My clever friend Liz wrote her internal medicine primaries on Friday. This meant establishing a solid grasp on everything about how the human body works (“normal physiology”) and also everything about how it goes wrong (“pathophysiology”). So for the last while her living room has been a kind of open-plan textbook, with index cards, files and drawings spread across every horizontal surface. Nothing in Ganong’s Physiology indicates that knowledge can be absorbed via respiration, but if there’s a way they haven’t identified yet, she was prepared.
On Thursday night I made her supper, and hung around trying to radiate support and a studious atmosphere (another as yet poorly understood physiological process, but it was worth a shot), while she crammed and tried not to freak out. Feeling a bit futile and deeply ignorant, I decided to page through an unattended textbook, which happened to be the near-biblical Kumar & Clark’s Clinical Medicine.
Oh my goodness.
I opened on the chapter on the immune system, and read about innate and acquired immunity, and lymphocytes and phagocytosis and opsonisation and the complement system and cytokines. Cytokines! Tiny proteins that, released in pico-molar concentrations by a cell in one part of the body, can trigger a cell somewhere else to develop a sensitivity to the specific pathogen it should seek and destroy. And another cell to do something entirely different, depending on what kind of cell it is and what other cytokines are in the area, and possibly what the receptors embedded in the cell wall lipid bilayer had for breakfast.
Those were only the bits I can sort of remember, and I almost certainly got most of it wrong. The complexity is dazzling, the orders of microtude (which is not a word) overwhelming. At every level, a question about how and why reveals a further layer of transaction, specific, finely tuned and impossibly elegant. Until a question is raised to which the answer remains out of reach. “The role of [polysyllabic chemistry word] in [extremely specific process the purpose of which I have already forgotten] is as yet poorly understood.” It surfaces more often than I expect.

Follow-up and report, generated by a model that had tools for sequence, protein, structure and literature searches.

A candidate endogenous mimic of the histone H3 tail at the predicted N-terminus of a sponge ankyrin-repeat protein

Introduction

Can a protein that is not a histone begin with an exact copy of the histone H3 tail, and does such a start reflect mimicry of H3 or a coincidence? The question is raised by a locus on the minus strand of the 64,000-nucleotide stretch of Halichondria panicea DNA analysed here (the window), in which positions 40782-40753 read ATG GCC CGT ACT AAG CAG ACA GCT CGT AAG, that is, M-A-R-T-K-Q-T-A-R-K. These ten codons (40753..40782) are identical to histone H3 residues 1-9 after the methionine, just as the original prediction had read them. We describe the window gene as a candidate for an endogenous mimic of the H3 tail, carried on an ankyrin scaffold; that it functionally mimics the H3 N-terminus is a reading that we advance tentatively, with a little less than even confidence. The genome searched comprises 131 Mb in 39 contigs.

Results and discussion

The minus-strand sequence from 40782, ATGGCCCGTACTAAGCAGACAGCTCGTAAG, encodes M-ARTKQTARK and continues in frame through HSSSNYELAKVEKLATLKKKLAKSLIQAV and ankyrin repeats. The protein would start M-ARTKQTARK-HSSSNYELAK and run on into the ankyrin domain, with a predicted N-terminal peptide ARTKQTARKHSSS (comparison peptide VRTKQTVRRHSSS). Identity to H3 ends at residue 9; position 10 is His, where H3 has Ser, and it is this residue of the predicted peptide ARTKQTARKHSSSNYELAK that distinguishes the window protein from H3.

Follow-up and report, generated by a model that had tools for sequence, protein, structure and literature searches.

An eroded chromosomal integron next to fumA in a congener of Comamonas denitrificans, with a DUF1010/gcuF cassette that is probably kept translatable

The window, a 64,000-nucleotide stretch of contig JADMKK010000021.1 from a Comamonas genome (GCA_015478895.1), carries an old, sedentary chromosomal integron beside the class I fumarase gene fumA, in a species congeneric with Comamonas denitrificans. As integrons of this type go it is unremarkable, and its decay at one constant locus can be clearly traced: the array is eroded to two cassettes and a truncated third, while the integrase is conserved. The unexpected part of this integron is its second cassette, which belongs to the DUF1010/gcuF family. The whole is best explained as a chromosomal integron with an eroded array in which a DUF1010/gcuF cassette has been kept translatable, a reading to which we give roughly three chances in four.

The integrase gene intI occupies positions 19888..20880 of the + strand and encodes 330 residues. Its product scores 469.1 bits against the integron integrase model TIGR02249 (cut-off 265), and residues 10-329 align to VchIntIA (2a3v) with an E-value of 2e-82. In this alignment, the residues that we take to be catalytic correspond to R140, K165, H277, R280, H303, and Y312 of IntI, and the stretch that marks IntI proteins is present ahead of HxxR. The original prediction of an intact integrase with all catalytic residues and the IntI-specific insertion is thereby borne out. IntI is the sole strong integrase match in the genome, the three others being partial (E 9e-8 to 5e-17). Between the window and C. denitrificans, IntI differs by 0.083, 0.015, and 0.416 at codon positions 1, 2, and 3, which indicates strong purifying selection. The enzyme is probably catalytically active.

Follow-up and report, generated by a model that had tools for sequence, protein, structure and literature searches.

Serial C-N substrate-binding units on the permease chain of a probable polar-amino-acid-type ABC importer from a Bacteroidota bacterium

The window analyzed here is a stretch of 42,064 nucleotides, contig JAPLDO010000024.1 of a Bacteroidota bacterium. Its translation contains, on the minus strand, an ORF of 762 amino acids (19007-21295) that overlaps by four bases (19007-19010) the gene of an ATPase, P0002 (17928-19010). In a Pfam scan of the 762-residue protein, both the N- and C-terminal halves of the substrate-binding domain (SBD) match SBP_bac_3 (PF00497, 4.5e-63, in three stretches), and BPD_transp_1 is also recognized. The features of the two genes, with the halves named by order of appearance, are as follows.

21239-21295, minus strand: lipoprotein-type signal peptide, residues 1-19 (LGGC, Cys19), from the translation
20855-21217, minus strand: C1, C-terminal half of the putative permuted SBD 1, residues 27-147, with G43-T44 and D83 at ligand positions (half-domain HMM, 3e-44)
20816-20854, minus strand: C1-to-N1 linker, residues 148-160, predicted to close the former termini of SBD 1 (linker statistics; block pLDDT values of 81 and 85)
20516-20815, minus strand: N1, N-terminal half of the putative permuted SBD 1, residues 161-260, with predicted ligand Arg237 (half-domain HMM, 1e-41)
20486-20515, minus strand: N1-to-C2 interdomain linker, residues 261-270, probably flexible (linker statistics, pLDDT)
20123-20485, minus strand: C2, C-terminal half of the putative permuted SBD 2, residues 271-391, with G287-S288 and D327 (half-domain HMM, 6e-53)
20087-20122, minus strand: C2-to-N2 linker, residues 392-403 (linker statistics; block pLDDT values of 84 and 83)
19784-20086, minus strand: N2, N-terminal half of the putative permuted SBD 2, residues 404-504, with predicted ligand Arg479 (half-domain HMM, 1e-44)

Obviously, this didn’t help with the futility or ignorance, but did trigger awe and a touch of vertigo. Should we be more surprised that this is what we find – order beneath order beneath order? That at no point yet have we simply hit… soup? In the beginning, science required as its first assumption, that pattern was there to be found, that rules exist which can be uncovered and understood. The first scientists based this belief on their knowledge of God, an intentional and supremely organised creator (with, in the words of J.B.S. Haldane, an inordinate fondness for beetles). Without this starting assumption, the whole project of science was a dubious enterprise. After multiple centuries of unraveling seemingly endless order, we forget to find that surprising.
I have no intention of arguing that God, my God, is a logical conclusion drawn from the state of the universe. Logic is a fairly feeble tool for the bigger questions in life, being based on what we think we know rather than what is. Science has taken its greatest bounds where existing human logic failed entirely to explain what was being observed. A “logical” God would be frankly disappointing.
I will however observe that it’s hard to feel too complacent about human intelligence in the face of Kumar & Clark. We didn’t even know the immune system existed until fairly recently. The task of wrapping one’s head around just that one aspect of one species’ daily existence is enough to befuddle. Ten minutes and two pages, and I understood exactly why my poor friend was fighting utter panic at the prospect of Friday morning’s exam.
Against the odds, Liz studied what she still could, and then slept, and then wrote the exam, without losing the plot. She is incredibly intelligent and hard-working, but this was still kind of a miracle. Attributable perhaps to respiratory-mediated knowledge absorption or physiological positivity radiation. Or divine intervention. Or soup.
As yet, poorly understood.